Uffdah. Uffdah?

By Jerry V. Haines
Special to The Washington Post
Sunday, June 18, 2000

Just when you think you have Minnesota figured out, it slips away from you--like a sunfish flipping out of your rowboat. To kids my age growing up there, the state could pretty well be summarized as taciturn Lutheran elders and Spam casserole. To the nation at large, we were known mostly for cold weather and were indistinguishable from Iowa and the Dakotas, except that we had Hubert Humphrey, who, truth be told, embarrassed us because he was just so . . . chatty.

Then Sir Tyrone Guthrie founded a world-renowned theater there, Mary Tyler Moore set her TV program there, the Twins went to the World Series, and Garrison Keillor built a national radio program around us. National magazines talked up Minneapolis as a city that really worked. In nearby Bloomington, a developer built the Mall of America, which inexplicably drew shoppers and gawkers from around the world. Formerly merely cold, now we were cool, sophisticated, enviable.

And then Minnesota elected Jesse "The Body" Ventura.

The one constant is the water. In Minnesota, when life seems too much to ponder, you head for the lake--any of the 10,000. (Actually, Minnesota has more than 10,000 lakes, but we wouldn't want people to think we had the big head.) Just as Texans buy ranches when they get a few dollars together, Minnesotans build lake cabins. Let the Texans lasso the dogies; we'll spend our summer Saturdays drowning worms, swatting deer flies and cannonballing off the pier, exclaiming when we return, sputtering, to the surface, "Uffdah! That's cold."

"Uffdah!" is a multipurpose regionalism connoting dismay, surprise or sensory overload. It is particularly useful in commenting on the weather, the Vikings or recent gubernatorial pronouncements. Or, in the case of my wife, Janice, and me, in deciding which lakes to visit during our recent trip.

But we didn't even have to leave "The Cities" (the collective noun for Minneapolis and St. Paul). We just went out Lake Street to Lake Calhoun on a breezy Sunday morning. Sailboats slipped along the downtown skyline, migrating birds lowered their flaps for landing, and now and then a show-off fish noisily broke the surface of the water. And the stress washed right out of our bodies.

Joggers and cyclists circled the lake--indeed, the path around the lake not only is paved, it is divided into lanes like the George Washington Parkway and has roses growing in the median strip. You can rent a canoe and navigate from Calhoun via a channel to Lake of the Isles (the one Mary Richards used to walk along in the credits), then to Cedar Lake. Catch some rays back at Calhoun Beach (yes, a beach in Minnesota). Or go to a concert at nearby Lake Harriet's band shell.

The big-time lake, though, is out in the southwest suburbs. Lake Minnetonka is full of picturesque coves and inlets and is surrounded by expensive homes, but it's not merely decorative. It is a real, functioning lake where weekend fishermen pull sunfish and bass out of the water, notwithstanding heavy cabin cruiser traffic. The attraction of fishing may be a generational thing, however, as Minnesota last year felt compelled to create special "fish for free if you're with a kid" weekends to pull the youngsters away from MTV and encourage family bonding over the bait bucket.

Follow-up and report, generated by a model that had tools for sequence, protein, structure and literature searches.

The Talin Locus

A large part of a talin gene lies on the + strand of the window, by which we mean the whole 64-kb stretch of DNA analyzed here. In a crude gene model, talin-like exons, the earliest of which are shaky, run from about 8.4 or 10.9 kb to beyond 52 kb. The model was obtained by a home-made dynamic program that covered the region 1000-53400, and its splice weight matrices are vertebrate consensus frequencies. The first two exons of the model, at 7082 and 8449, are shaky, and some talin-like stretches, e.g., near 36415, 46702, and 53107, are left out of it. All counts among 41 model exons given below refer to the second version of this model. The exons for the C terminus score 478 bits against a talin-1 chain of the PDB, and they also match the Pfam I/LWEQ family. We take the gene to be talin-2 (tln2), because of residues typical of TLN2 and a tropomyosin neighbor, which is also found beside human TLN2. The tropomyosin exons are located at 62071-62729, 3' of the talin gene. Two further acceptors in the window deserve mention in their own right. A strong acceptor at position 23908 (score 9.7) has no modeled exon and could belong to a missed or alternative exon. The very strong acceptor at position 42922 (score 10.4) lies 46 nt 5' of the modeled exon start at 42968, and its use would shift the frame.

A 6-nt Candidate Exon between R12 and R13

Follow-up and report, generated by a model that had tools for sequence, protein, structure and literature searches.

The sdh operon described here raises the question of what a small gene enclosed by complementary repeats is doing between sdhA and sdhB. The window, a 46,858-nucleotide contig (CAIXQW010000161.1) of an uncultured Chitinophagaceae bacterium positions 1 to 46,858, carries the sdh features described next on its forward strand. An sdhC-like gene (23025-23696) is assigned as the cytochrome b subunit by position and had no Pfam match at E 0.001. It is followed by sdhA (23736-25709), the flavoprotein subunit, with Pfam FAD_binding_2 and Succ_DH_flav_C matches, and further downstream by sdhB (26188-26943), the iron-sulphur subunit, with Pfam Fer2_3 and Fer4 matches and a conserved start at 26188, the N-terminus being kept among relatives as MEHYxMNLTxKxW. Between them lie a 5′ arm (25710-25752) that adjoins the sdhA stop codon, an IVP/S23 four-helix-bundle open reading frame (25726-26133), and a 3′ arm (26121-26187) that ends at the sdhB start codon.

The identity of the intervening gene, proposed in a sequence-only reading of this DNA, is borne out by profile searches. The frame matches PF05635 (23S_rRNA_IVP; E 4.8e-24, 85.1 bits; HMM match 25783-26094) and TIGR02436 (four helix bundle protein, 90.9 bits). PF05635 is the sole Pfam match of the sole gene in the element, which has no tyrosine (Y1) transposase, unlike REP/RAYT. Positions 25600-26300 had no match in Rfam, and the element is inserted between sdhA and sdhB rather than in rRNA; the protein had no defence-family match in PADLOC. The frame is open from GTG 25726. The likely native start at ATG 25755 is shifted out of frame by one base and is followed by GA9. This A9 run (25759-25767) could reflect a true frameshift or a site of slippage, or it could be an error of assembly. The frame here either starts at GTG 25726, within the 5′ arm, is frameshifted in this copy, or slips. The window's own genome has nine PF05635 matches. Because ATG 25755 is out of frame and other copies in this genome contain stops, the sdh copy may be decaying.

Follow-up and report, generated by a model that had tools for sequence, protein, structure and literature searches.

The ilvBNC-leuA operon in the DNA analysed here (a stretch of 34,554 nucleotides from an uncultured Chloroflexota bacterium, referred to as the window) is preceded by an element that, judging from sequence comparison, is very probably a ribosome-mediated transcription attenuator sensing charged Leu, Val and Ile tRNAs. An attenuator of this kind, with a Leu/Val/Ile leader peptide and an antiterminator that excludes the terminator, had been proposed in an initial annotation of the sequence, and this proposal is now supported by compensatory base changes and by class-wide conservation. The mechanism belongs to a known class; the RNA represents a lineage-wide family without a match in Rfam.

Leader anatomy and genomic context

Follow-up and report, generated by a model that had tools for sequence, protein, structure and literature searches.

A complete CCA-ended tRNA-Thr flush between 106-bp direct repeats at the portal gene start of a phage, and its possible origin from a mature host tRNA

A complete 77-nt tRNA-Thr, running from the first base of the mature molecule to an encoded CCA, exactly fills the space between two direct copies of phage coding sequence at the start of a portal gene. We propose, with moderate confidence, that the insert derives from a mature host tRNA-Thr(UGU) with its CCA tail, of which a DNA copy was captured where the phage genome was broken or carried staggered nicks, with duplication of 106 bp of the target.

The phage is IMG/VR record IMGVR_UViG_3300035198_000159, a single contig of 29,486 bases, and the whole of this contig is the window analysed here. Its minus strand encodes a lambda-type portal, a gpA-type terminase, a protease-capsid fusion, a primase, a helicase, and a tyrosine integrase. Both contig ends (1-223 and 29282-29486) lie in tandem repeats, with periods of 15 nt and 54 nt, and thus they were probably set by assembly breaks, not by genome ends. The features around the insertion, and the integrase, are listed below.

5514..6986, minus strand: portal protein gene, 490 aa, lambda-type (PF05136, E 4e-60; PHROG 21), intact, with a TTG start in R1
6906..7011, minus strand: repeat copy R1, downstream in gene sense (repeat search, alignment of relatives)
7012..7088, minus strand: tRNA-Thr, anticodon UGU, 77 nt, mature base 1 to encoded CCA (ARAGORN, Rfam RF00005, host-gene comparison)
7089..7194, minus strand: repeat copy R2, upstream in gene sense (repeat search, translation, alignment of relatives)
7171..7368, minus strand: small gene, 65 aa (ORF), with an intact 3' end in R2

There probably was bonding going on during our visit to Minnetonka, but people were too intent on their fishing to mention it. These weren't fancy-pants fly fishermen looking for trophies; they were just folks thinking of supper--which is, of course, what one calls the evening meal in Minnesota. While they threw a lot of the catch back as undersized ("Aww, keep it, Donny--you can use it in the parking meter!"), much of it likely made it to local tables that night.

A threat--even more ominous than MTV--to water fun is the growing problem with Eurasian milfoil, an exotic species of thick aquatic plant for which there is no known preventative. Boaters exiting an infected lake must carefully wash their boats and trailers before hooking them up.

Life in the Cities inevitably involves the Mississippi as well. The river comes down from mallard and muskrat country, forms the eastern edge of downtown Minneapolis, and then cuts east and becomes the boundary with St. Paul. Some students at the University of Minnesota have classes on both sides of the divide and cross it via an enclosed walkway (much appreciated during winter semesters).

We found a good place to experience the river: right in the middle of it. The Nicollet Island Inn is a little too big to be a B&B (and, by definition, it can't be--it serves dinner), but a little too small to be a hotel. Long ago--and before a thorough face-lifting--it was a Salvation Army shelter. Now it is a quiet shelter from the busy workaday world of modern Minneapolis.

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